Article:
This year is the 120th anniversary of the start of the First Sino-Japanese War, a war that was to see a newly invigorated post-Meiji Restoration Japan defeat China, which had hitherto been the most formidable power in the region. Now the pendulum of power is swinging in the other direction and it is China’s turn to be in the ascendant.
China, ever-mindful of its century of shame and ignominy at the hands of other powers, has started making provocative overtures, but Japan is refusing to back down. Could this year also be the year that sees another conflagration erupt between these two old rivals?
According to Chinese military reports, two foreign fighter jets entered China’s East China Sea air defense identification zone (ADIZ) on Friday last week, the first day of the Lunar New Year. The People’s Liberation Army (PLA) Air Force responded by scrambling two Sukhoi Su-30 fighters. The two sets of fighters played cat-and-mouse for three hours before the Sukhois finally expelled the outsiders, the reports said.
Following the incident, PLA Major General Luo Yuan (羅援), a known hawk, said the two foreign fighters were Japanese and criticized Japan for its timing, choosing to exploit the most important day of the Chinese holiday calendar. Tokyo declined to comment.
Chinese commentators on the Internet are undecided as to whether the reports are true. There was a similar report, almost word for word, exactly a year ago — a report of a couple of foreign fighter jets entering “a certain airspace.” The only difference between the closing remarks of last year’s report compared with this year’s was that the “Year of the Snake” was altered to the “Year of the Horse.”
Clearly, the authorities in Beijing have already decided that reports of enemy incursions as the Lunar New Year break commences are to be part of the routine round of propaganda, designed to fan nationalist sentiment aimed at an undisclosed foe.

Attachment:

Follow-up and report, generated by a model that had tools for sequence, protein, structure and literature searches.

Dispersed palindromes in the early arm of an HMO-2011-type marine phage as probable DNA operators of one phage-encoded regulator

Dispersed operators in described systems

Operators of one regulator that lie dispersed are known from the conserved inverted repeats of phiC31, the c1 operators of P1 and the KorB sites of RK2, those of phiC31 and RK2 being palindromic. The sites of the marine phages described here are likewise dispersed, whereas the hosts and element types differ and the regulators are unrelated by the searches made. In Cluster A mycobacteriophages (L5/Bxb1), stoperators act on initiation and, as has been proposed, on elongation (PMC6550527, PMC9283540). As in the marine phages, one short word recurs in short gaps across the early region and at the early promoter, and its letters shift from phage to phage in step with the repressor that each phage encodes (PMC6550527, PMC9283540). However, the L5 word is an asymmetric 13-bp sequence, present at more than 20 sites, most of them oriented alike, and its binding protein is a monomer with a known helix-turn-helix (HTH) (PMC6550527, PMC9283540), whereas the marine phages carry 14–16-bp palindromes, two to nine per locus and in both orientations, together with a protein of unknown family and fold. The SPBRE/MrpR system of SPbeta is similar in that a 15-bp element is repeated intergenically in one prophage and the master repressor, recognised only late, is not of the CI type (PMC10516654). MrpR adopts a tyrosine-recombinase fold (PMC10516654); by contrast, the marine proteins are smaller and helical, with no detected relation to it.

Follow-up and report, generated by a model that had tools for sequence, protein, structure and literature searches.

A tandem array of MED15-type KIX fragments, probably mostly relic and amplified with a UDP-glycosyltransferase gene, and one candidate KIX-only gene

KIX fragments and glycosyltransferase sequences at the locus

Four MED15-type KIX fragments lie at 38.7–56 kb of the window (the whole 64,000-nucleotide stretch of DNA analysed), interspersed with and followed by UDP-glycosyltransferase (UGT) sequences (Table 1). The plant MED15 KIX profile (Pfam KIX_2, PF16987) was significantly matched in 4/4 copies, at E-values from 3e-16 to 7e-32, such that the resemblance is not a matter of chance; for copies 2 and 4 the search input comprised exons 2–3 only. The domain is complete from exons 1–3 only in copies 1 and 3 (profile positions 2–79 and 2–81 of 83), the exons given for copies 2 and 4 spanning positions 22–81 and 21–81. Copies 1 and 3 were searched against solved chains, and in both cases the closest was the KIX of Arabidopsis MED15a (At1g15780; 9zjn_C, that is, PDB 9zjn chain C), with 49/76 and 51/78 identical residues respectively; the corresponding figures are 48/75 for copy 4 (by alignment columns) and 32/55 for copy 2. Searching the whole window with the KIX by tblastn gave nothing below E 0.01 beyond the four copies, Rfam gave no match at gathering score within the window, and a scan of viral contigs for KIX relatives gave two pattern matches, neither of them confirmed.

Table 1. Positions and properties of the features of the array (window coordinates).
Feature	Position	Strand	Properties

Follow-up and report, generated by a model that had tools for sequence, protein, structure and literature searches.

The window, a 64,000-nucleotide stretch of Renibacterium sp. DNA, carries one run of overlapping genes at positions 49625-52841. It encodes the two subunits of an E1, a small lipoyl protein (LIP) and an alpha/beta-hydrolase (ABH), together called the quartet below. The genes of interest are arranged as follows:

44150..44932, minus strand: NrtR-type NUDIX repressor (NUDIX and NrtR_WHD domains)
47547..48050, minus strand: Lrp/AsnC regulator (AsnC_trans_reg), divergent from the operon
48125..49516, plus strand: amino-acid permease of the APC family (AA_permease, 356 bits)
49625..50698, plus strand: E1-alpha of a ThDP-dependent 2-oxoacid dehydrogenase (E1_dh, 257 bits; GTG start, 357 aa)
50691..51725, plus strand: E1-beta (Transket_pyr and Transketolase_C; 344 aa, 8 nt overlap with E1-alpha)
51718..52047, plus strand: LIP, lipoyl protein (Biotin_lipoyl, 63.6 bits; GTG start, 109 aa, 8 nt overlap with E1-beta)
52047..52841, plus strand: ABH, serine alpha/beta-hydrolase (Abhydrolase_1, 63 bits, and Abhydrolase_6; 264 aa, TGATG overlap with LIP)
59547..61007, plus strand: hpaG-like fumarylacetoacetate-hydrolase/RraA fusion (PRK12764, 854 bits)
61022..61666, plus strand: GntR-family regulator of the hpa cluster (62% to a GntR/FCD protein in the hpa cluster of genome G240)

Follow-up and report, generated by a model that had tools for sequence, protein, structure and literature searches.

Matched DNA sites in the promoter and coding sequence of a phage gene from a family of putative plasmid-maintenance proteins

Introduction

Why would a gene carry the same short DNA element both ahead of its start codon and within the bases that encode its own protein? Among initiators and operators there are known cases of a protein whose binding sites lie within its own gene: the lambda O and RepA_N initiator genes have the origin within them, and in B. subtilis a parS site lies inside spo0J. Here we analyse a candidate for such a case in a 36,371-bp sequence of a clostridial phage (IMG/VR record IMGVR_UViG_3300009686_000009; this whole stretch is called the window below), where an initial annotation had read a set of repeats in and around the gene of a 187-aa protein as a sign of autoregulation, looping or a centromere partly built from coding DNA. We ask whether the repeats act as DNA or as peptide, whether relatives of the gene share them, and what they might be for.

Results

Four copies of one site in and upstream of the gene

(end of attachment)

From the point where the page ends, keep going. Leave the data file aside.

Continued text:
So what if the Japanese fighter planes entered the zone, even supposing that they had? Neither Japan, nor the US, nor South Korea have recognized the recently and unilaterally announced zone, so fighters from those countries can fly through it as and when they please. This is not the Vietnam War; there has been no agreement to accommodate the Lunar New Year celebrations that needs to be bilaterally observed.
For Luo to brand Tokyo, as he has on this occasion, as a “troublemaker,” really is a case of the pot calling the kettle black. Which side announced the ADIZ, requiring other nations to inform Beijing of any plans to have their aircraft fly through it and for all detailed flight plans to be provided beforehand?
Beijing has tried this in the past, accusing Taipei of making trouble and trying to drive a wedge between it and the US. Now, China is attempting to do the same to Tokyo. It is a consistent strategy Beijing uses to isolate the US.
The Sino-Japanese diplomatic spat made it all the way to Germany on the second day of the Lunar New Year. Fu Ying (傅瑩), chairwoman of the foreign affairs committee of China’s National People’s Congress, attended the 50th Munich Security Conference on Saturday, where she roundly accused the Japanese leadership of denying Japanese atrocities committed during World War II, causing Sino-Japanese relations to sink to a new low.
Japanese Minister of Foreign Affairs Fumio Kishida responded by saying that his country had “looked squarely at history” and its role in the war, that it deeply regretted its colonial rule in Asia and that it was committed to a new route in the post-war period as a peaceful nation.
When dealing with other nations, it is important to understand how to emphasize each side’s strengths and avoid the weaknesses. Japan should do its best to avoid its past mistakes, focus on the present and not allow itself to be dragged along by the back of its collar.
Too many countries forget that when dealing with China they have an advantage. They are democratic nations as opposed to China’s authoritarian system. Because of this, when Kishida was addressing Fu’s accusations, he ought to have emphasized not just Japan’s commitment to being a peaceful nation, but also its status as a democratic one. Peace and democracy are universal values, but the latter perhaps more so than the former.
If there is to be an outbreak of hostilities between Japan and China, the likelihood of it happening is higher with a clash in the air than at sea, as jets are so much faster. The possibility of things getting out of hand are all the stronger as a result. China has deployed Su-30 fighters, its most advanced jets, near the East China Sea in preparation for war. The First Sino-Japanese War sealed Taiwan’s fate once. Perhaps another will change Taiwan’s destiny once more.
Paul Lin is a political commentator.
Translated by Paul Cooper
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